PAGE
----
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Danny Salazar makes history in loss to White Sox

Apr 10, 2014, 11:26 PM EDT

Danny Salazar Getty Getty Images

Indians right-hander Danny Salazar packed a lot into a brief outing in tonight’s 7-3 loss to the White Sox. And he secured an interesting place in history in the process.

Salazar was pulled in the fourth inning at 93 pitches. The hard-throwing 24-year-old gave up five runs on six hits (including home runs by Jose Abreu and Alexei Ramirez) and two walks before exiting. Of the 11 outs that he recorded, 10 of them were via the strikeout. The other was when Adam Eaton was cut down attempting to stretch a single into a double in the bottom of the third inning. The 10 strikeouts matched a career-high.

OK, on to the history part. According to the Elias Sports Bureau, Salazar is the first pitcher in the modern era (since 1900) to reach 10 strikeouts in a start under four innings. Seriously. That has never happened before tonight. It’s an interesting footnote, but he’d surely rather have a more efficient outing and the victory.

  1. aresachaela - Apr 10, 2014 at 11:30 PM

    Got the history record right there!! The “losing” way..

  2. Jason Lukehart - Apr 11, 2014 at 12:05 AM

    There have only been 6 games in MLB history in which a pitcher struck out at least 9 hitters while going fewer than 4 innings, and Salazar now has 2 of them.

  3. straightouttavtown - Apr 11, 2014 at 1:18 AM

    The pitcher only has one job: get outs to prevent runs. It doesn’t matter how they do it. Strikeout doesn’t matter. Fastball velocity doesn’t matter. Just get outs. So how is this an accomplishment when he allowed a bunch of runs, lasted less than 4 innings, taxed the bullpen, and lost the game? I know fantasy gamers and sabermetrics fanatics love guys like Salazar but real baseball fans appreciate guys like Mark Buehrle and Tim Hudson so much more.

    • bronco58lb - Apr 11, 2014 at 2:09 AM

      Salazar is only 12 starts into his career, cut the kid some slack. Coming off Tommy John surgery, Salazar transformed himself from a middle-of-the-road prospect to the Indians’ do-or-die playoff starter last year. A remarkable turnaround for a pitcher who once averaged 5.5 strikeouts per nine innings over 20 starts in a minor league season. I pull for Salazar because he is a player development success story. I admire a guy who fixed serious flaws in his craft and turned into one of the filthiest arms in the majors.

    • thisdamnbox - Apr 11, 2014 at 3:44 AM

      It’s not necessarily an accomplishment. It’s just never been done before, like most strike outs in a season, most errors in an inning, etc. The records in the book aren’t all positive things considered ‘accomplishments.’ But after only 12 or so starts it might be a sign of greatness to come…or of futility…

    • dfj79 - Apr 11, 2014 at 1:26 PM

      Who said it was an “accomplishment”? I don’t see that word anywhere in the post, nor do I see anything in the post implying as much. D.J. just said it was “history,” which is accurate. And I think his last sentence made it pretty clear that this wasn’t necessarily a great piece of history to be making.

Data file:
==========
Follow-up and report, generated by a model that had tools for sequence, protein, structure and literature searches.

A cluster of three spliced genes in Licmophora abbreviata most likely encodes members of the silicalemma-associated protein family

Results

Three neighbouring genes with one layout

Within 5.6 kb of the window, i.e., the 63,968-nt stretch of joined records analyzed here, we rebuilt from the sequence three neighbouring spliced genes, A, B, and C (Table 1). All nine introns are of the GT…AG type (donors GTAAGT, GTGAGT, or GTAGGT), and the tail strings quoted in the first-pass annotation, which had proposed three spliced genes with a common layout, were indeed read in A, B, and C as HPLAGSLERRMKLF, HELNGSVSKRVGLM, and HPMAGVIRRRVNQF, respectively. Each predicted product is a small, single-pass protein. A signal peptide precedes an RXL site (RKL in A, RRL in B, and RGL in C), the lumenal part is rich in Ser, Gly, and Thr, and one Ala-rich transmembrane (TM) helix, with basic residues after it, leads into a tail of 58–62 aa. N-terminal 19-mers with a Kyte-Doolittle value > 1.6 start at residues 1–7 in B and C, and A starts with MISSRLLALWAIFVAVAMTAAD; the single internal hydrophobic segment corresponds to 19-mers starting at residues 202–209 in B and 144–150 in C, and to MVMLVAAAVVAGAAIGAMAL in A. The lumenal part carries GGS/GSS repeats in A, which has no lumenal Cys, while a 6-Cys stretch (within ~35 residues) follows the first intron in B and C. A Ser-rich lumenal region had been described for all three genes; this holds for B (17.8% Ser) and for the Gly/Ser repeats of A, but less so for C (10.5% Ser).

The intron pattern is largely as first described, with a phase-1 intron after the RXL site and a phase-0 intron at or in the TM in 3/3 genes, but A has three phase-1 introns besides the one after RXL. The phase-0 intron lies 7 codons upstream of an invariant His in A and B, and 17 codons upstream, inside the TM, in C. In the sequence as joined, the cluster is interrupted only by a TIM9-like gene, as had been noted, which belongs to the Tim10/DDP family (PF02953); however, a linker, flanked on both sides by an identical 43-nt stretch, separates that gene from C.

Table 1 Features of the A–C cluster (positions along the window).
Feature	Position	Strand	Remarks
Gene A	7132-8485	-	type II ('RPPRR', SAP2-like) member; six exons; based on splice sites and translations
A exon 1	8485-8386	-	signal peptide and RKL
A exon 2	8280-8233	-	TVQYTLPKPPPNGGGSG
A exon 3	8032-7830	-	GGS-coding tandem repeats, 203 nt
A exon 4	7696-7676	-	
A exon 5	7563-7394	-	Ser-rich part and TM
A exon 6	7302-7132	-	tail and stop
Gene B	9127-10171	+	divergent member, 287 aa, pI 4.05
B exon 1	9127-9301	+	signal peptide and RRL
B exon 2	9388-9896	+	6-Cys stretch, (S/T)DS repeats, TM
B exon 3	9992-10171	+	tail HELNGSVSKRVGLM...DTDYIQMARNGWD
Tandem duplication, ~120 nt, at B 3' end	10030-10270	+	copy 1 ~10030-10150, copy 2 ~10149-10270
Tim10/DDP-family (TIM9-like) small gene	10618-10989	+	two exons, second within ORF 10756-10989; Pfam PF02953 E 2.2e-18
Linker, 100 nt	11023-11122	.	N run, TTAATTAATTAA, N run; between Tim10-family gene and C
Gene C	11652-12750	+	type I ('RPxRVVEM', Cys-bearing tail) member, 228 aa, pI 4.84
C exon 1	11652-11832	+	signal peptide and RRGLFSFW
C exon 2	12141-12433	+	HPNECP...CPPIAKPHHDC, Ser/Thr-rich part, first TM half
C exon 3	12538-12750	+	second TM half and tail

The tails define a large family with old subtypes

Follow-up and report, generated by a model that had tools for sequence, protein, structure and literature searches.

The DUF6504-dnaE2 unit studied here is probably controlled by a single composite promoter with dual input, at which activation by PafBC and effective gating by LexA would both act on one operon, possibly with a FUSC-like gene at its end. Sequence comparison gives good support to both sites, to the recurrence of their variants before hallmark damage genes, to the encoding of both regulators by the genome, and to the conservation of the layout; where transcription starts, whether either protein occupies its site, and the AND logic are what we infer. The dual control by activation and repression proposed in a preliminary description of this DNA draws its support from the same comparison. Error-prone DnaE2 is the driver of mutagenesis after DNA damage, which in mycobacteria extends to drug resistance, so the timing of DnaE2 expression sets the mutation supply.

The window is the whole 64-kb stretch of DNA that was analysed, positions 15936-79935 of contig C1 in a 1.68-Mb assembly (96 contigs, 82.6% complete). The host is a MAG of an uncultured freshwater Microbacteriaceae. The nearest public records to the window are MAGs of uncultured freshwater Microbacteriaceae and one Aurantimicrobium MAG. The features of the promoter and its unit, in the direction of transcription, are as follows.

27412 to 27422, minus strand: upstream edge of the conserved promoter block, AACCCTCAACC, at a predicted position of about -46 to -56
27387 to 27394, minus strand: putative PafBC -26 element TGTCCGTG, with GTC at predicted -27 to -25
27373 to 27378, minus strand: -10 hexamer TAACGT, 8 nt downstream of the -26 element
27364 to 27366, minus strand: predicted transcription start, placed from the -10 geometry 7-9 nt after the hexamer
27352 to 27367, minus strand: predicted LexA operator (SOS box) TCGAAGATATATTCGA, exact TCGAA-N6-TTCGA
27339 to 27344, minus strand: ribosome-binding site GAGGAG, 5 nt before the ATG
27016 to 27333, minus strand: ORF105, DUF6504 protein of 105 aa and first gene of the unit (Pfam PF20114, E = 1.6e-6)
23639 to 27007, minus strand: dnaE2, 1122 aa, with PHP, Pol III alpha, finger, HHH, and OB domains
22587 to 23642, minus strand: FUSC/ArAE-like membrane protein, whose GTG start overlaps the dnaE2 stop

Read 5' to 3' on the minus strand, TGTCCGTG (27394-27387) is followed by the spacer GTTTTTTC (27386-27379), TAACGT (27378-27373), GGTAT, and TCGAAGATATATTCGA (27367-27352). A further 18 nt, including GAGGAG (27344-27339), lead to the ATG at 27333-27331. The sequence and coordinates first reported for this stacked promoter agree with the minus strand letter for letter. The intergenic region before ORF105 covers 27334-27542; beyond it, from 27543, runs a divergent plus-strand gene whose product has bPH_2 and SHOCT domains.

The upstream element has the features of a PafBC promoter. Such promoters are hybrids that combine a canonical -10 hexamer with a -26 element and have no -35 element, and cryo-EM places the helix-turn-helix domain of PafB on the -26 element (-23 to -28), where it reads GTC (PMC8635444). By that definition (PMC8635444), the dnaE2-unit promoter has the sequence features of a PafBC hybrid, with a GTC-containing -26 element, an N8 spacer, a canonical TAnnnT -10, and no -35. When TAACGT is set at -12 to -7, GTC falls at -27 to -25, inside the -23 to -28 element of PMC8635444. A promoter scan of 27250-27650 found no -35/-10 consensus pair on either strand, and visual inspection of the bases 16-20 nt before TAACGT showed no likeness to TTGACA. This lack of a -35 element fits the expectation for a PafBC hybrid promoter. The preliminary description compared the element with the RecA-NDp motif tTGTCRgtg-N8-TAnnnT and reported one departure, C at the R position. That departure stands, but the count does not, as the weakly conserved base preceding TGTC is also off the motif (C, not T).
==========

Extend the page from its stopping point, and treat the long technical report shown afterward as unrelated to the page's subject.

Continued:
4. Earnest Christian - Apr 11, 2014 at 1:50 AM

    Reblogged this on Earnest Christian presents The OpinioNation | Sports and Pop Culture.

    • strictlythedanks - Apr 11, 2014 at 4:12 AM

      Christ, that wasn’t very earnest of you was it?

  5. sawxalicious - Apr 11, 2014 at 2:15 AM

    Everyone knows Twins pitchers aren’t supposed to be striking guys out! Pitch to contact, that’s the rule!

    • NatsLady - Apr 11, 2014 at 6:07 AM

      Ha. Yeah, McCatty’s rule. Take THAT, McCAT. http://tinyurl.com/mqk2a93

  6. janessa31888 - Apr 11, 2014 at 6:59 AM

    Sorry, not impressed. The runs he gave up cost us the game.I Don’t get all the hype about this guy. Strike outs are great, if you aren’t giving up large amounts of runs also. What a mistake it was not resigning Kazmir. We really, really need another good consistent starter. Carlos Carrasco is even worse.

    • dan1111 - Apr 11, 2014 at 7:10 AM

      This record is being pointed out as an interesting bit of trivia, not an impressive accomplishment. Obviously, Salazar’s performance was not good.

      That said, high strikeout rates are a strong predictor of future success. And so far, Salazar has had more success than not through 12 starts. I think you are making too much of one outing.

  7. gonderfan - Apr 11, 2014 at 12:10 PM

    This game almost reminds me of Ron Swoboda’s two two-run-homers beating Steve Carlton 4-3 in Carlton’s record-setting 19-strikeout game in 1969….. Maybe it’s only from being a White Sox fan and an early-Mets fan that I connect the two. I sure remember well Swoboda’s 2nd homer, listening to the St. Louis station from Chicago on my little transistor radio….(I had to wonder at the time, was this game an omen of more great stuff to come from young Carlton?… Okay, just kidding about that.)

  8. labfan30 - Apr 11, 2014 at 12:33 PM

    I’m just curious about the babip stat. In all, he faced 18 hitters. 10 went down, by K, 2 went to first on walks. Every single guy who put the ball in play, got a hit. His BABIP in two starts now sits at .476.

    Think maybe some correction will happen with that soon?

  9. janessa31888 - Apr 11, 2014 at 2:27 PM

    Sorry to the person I meant to reply to but accidentally hit report. I wish those buttons were farther apart.
    I meant to say, Yes, I overreacted, but its frustrating!!!!

  10. moogro - Apr 11, 2014 at 3:50 PM

    Fascist!

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